They could buy these blueberries for a buck a pound more in town, but the eager pickers like them fresh and organic and like to do their picking early in the day, before the heat comes — and they like the ritual of being close to nature and helping local farmers succeed.

It’s become an annual homage for many, strapping on a plastic milk jug (top sawn off), bringing friends, leaving your worries in town and having a great time chatting it up, then heading home to make blueberry pancakes, muffins and smoothies.

Then you toss a bunch in the freezer for a blast of summer nutrition in the dead of winter, says Chuck Burr, owner of Restoration Seeds, a 10-acre organic farm at the foot of Old Siskiyou Highway.

 “You can’t beat the price and I love supporting local farmers. Plus they are great anti-oxidants,” says Nicole Del Pizzo, who came with her daughter Rhi Ahimsa.

“It’s a lovely opportunity to pick delicious fruit with friends in the sunshine,” says Ahimsa. “We’re going to make blueberry pie and smoothies, then freeze the rest.”

Burr plants row after row of u-pick blueberries, selling them for $3.50 a pound. For 10 to 20 pounds, it’s $3. Over 20 pounds is $2.50 a pound. Blueberries in town vary between $3.60 and $4.25, he notes. Hours, in season, are 8 to 11 in the morning.

“It’s a fun social thing, a great chance to talk and laugh out of doors,” he says. “People do it for recreation. Mamacita brings the little ones with their sand pails and by the time they’re done and standing at the scales, the kids’ pails are empty.”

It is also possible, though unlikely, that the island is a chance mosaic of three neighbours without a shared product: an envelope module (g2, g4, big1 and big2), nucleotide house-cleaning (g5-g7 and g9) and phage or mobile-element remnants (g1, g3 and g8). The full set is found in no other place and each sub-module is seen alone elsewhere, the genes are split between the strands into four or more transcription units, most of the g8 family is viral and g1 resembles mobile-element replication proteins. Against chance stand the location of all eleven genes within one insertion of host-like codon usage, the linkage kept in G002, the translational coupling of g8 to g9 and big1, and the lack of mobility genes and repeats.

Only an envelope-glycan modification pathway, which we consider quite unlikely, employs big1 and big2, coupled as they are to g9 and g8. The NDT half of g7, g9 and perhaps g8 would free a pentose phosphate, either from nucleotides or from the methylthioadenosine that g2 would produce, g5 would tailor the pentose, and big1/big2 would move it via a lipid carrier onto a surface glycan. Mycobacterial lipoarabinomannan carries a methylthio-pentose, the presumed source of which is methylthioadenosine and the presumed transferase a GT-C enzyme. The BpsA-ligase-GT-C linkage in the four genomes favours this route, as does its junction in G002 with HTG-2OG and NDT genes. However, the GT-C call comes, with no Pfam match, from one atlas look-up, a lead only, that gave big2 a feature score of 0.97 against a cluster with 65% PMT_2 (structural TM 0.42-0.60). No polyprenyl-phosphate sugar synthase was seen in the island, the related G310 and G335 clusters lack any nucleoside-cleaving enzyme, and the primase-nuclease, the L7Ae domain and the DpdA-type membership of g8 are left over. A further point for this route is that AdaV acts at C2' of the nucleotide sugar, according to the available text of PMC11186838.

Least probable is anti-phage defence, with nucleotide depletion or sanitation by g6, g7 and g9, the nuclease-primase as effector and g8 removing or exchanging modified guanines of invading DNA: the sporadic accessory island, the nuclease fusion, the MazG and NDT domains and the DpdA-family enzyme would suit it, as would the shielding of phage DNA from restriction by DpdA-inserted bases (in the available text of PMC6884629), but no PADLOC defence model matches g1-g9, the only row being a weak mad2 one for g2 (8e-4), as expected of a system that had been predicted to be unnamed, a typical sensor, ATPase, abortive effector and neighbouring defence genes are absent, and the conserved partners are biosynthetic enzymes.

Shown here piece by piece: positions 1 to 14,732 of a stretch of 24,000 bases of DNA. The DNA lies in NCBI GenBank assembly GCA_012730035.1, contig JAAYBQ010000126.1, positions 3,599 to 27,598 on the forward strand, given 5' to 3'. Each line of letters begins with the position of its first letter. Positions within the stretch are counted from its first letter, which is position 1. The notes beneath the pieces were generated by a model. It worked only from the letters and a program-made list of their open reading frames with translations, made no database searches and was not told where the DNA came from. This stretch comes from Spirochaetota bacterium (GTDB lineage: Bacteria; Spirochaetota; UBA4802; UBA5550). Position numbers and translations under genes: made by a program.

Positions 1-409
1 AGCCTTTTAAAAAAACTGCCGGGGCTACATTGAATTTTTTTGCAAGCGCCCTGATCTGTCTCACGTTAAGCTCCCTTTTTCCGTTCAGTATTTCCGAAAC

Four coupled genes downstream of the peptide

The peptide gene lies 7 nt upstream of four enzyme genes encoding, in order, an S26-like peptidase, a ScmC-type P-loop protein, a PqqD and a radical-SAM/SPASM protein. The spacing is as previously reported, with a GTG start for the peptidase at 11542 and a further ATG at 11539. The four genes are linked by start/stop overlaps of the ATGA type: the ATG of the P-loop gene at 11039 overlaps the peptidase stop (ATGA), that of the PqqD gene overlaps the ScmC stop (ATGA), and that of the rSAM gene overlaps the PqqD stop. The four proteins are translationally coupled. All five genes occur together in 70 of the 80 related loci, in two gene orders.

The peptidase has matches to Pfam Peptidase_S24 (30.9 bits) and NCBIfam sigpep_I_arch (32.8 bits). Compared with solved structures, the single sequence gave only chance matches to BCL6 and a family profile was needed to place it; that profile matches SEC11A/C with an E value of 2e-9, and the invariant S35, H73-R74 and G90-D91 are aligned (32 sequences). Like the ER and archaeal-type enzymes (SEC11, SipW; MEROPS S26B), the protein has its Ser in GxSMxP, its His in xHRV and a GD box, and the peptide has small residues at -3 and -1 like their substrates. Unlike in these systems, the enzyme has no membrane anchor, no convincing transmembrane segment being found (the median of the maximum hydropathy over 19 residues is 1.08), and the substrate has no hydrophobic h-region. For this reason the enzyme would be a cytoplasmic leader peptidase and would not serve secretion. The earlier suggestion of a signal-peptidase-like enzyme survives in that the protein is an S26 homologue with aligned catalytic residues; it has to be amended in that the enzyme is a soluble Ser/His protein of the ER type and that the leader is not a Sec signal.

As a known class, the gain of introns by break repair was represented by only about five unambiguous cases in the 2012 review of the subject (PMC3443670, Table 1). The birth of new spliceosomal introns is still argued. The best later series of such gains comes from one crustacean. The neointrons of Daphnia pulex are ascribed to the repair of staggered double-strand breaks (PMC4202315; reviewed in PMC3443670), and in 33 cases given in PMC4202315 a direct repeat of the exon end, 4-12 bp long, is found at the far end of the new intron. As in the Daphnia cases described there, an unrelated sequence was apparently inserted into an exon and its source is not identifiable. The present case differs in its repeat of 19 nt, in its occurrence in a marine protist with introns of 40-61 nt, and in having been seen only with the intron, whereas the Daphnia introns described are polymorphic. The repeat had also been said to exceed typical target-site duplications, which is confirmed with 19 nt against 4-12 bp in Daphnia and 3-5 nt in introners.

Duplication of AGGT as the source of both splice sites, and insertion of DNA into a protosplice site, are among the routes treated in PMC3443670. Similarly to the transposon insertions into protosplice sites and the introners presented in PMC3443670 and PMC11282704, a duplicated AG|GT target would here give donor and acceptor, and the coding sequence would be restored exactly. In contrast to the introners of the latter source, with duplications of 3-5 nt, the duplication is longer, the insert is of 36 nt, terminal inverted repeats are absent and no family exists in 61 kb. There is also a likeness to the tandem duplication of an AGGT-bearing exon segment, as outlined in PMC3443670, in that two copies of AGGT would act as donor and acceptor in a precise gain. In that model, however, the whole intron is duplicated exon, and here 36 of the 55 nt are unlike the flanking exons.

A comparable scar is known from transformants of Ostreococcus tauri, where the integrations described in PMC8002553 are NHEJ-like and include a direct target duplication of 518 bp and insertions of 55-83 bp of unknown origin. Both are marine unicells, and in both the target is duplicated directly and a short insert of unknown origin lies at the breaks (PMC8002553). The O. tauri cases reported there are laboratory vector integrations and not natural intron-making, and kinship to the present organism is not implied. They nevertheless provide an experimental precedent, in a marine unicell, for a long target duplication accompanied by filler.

He laughs, “We should weigh the kids and then weigh them on the way out.”

Ahimsa’s pals, Robin Cross and Haley Baldwin — all recent graduates of Ashland High School — rapidly fill giant 10-gallon cans, having scant idea that those tiny berries, in large quantities,weigh a great deal and the tab can sail over the $100 mark. 

“You’re taking fruit live from the plant,” says Cross, “and you just feel more connected. It’s wonderful to eat healthy fruit like this —- and grown locally.”

“I used to come pick when I was small and I’ve been waiting years to get back here,” says Baldwin. “It’s a very happy, positive, awesome feeling. They have a gorgeous color and they have no thorns, like blackberries do!”

Weighing out the berries, Burr notes, “We are all organic. If you wonder if berries are organic, just look at the grass under them. It will be brown from sprays.”

Burr says his peaches are at a peak of ripeness, ready to cut up for pies, on cereal or put in the freezer. Peaches in stores have to be picked when “hard as golf balls,” so they ripen during shipment, storage and waiting on shelves.

Alfredo Quispe of Ashland says he loves the berries with yogurt. He earlier picked peaches, which he dried and canned. Picking with Quispe, Nicole Graham says store berries are “ridiculously expensive,” not as fresh and may not help the local growers and economy.

“Life doesn’t get any better than this,” muses picker Phil Loveless. “You’ve got nature, healthy food and feeling good. I like to make them in French pastry. When the season has passed you can pull them out of the freezer, make pastry and remember this day.”


John Darling is a freelance writer living in Ashland. Email him at